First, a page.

I don't really care that there's no camera. It seems like it would be really large and awkward to use as a camera anyway. The Flash issue is more problematic, but I'm assuming/hoping that most video providers will come up with their own apps so it won't matter that there's no Flash. See below for more on what particular apps I want.
Rachel asks: But, ok, what is this thing good for, anyway? Is it like a laptop? Is it a Kindle? Does it work as a phone? A camera? I am curious and out of the loop. Please provide examples of what a person would do with this thingamabob. ;)
Short answer: Not a phone or a camera, but it could be anything else you listed.
Long answer: Here are some examples of situations in which I feel it would be useful. I am trying to restrict this to things that are actually applicable to my own life.
At Work: I currently listen to podcasts and music from my iPod all day at work, so the iPad would take over this function, and also allow for streaming music or radio stations. It would also be convenient for checking personal Web stuff during breaks.
Conferences: (Subset of Work.) I feel like this will be perfect for conferences, making it easy to take notes or look things up during sessions and to check e-mail and whatever else during breaks without worrying about power outlets and wireless access. The GPS and maps features would also help with finding food near the convention center, etc.
At Home: I sit in front of a computer all day at work, and when I get home, even if I'm primarily reading or knitting or watching TV, I end up basically sitting in front of a computer again, so I can keep up with Twitter, approve blog comments, look things up, etc. I realize that this is a lifestyle choice I've made, and I'm not complaining, but it would be a lot more comfortable to curl up on the couch with the iPad next to me or on the coffee table. And, counterintuitively, the fact that the iPad doesn't have start up or shut down times means I might actually spend less time online in the evenings than I do currently. My laptop takes a while to get going, so I just turn it on when I get home and turn it off when I go to bed, and since it's there and on, I can get sucked into spending more time on it than I'd like. Perhaps the iPad would help avoid this.
Some specific home applications: I'm thinking this will be great to prop up in the kitchen while cooking from an online recipe, to avoid having to lug the laptop into the kitchen (and cut down on crumbs in the keyboard!). Similarly: prop it up on the coffee table while knitting from an online pattern. Bring it upstairs if you want to read some online articles in bed (or be able to check the news if you wake up in the middle of the night. Not that I ever do that.).
Outside: I take my laptop outside occasionally, but both the long battery run time and the unlimited data plan will make this sort of thing work much better with the iPad.
Travel: The iPad seems perfect for traveling, and if I travelled more (I wish!) I wouldn't hesitate at all before buying one. There's a GPS. It's perfect for killing time while waiting around and much more comfortable than a laptop to use on a plane or train. The long battery life helps too. The data plan means you can easily look things up from the road. And no more worries about finding hotels that offer wireless access.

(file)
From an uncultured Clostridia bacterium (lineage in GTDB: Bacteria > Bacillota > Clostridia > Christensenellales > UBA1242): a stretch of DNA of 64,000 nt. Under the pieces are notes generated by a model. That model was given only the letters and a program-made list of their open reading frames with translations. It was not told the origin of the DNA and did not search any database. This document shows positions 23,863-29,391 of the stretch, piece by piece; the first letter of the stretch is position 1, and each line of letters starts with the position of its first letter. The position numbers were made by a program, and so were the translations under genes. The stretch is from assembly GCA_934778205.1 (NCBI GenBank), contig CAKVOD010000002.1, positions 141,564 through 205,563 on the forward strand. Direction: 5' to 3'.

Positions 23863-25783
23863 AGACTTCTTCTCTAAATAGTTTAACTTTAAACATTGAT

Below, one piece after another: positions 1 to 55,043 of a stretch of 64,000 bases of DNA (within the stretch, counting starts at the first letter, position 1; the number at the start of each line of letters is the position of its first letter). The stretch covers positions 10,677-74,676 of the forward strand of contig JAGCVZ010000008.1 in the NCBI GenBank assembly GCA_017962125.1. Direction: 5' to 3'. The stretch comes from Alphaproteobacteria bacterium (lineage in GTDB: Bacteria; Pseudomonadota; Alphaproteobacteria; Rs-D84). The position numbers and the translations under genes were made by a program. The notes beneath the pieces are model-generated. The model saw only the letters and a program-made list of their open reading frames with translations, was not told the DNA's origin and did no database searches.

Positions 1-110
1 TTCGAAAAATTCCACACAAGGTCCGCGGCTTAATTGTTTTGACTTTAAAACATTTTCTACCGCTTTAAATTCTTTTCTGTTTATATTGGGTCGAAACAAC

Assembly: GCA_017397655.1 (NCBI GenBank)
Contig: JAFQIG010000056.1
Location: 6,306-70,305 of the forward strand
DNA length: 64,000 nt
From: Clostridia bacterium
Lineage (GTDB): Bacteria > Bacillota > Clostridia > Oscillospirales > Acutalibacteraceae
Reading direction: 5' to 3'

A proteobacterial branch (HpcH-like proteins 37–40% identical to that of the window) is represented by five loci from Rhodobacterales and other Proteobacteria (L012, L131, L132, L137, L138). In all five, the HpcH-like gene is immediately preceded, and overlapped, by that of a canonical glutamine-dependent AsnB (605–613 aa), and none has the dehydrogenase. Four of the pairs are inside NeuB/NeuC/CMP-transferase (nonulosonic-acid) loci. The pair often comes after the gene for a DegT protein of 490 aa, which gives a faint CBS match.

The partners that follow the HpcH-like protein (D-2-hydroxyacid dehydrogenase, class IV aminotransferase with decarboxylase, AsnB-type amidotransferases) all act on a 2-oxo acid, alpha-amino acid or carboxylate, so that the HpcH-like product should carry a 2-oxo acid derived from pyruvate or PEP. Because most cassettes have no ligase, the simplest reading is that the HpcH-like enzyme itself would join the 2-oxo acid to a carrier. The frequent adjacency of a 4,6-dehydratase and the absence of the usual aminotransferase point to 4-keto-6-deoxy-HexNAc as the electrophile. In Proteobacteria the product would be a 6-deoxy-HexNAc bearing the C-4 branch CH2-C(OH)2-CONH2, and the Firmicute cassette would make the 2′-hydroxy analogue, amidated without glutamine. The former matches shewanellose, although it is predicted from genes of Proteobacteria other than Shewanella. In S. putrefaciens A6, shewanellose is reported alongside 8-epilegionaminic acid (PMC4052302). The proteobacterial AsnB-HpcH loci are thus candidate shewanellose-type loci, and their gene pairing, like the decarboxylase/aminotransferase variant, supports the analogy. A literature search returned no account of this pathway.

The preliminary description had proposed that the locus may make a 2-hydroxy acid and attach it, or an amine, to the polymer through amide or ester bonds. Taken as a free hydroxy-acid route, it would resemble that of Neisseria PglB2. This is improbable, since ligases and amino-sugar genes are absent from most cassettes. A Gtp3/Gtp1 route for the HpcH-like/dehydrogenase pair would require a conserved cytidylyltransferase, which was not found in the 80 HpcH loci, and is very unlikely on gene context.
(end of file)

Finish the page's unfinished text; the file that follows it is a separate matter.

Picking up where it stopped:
Social Situations: Yes, I'm one of those people who often wishes she could pull out her laptop to look something up at a party. I know, I know, I'm causing the downfall of civilization. It's not like I would whip the thing out at a funeral, but you know those times when you're sitting with your lunch buddies or your knitting group and you're all trying to figure out what the name of that actor in that movie was, or arguing over the official languages of Switzerland? The iPad would solve those issues nicely. Last summer, I was at a family picnic and people wanted to know how the baseball game was going. They were extremely impressed by the play-by-play I could get on my phone. Imagine how much more they'd like the MLB.com app!
Now, a word on ebooks: The ebook reader is one thing being hyped about the iPad, but I'm not entirely convinced about ebooks in general. I'm certainly not ready to switch over. But I do think it could be useful to have a few books on the iPad as a "just in case I get stuck somewhere with nothing to read" measure. (I do this with my iPod, but that screen is teeny.) I think I'm willing to start integrating ebooks into my reading routine.
Some people have said that the iPad is too large for them to carry around as a matter of course. I'm not worried about this. I very rarely carry purses so small that it wouldn't fit, and it would replace four things I usually carry: iPod, paper planner, paper notebook, and "emergency" paperback. The screen size is a lot larger than that of my phone or iPod, which is good - there are plenty of things that my phone can do, but I often don't have the patience to scroll for 500 years to get to the part of a Web site I need to use, for example. The bigger size of the iPad will make browsing much more convenient.
As you can probably tell, I'm leaning toward getting one. But I'll want to verify that it supports at least most of the following sites/services before I commit:
Gmail (check!)Basically, I want the Internet to be in my brain (Anderson's Feed notwithstanding), and the iPad takes us a big step closer to that point.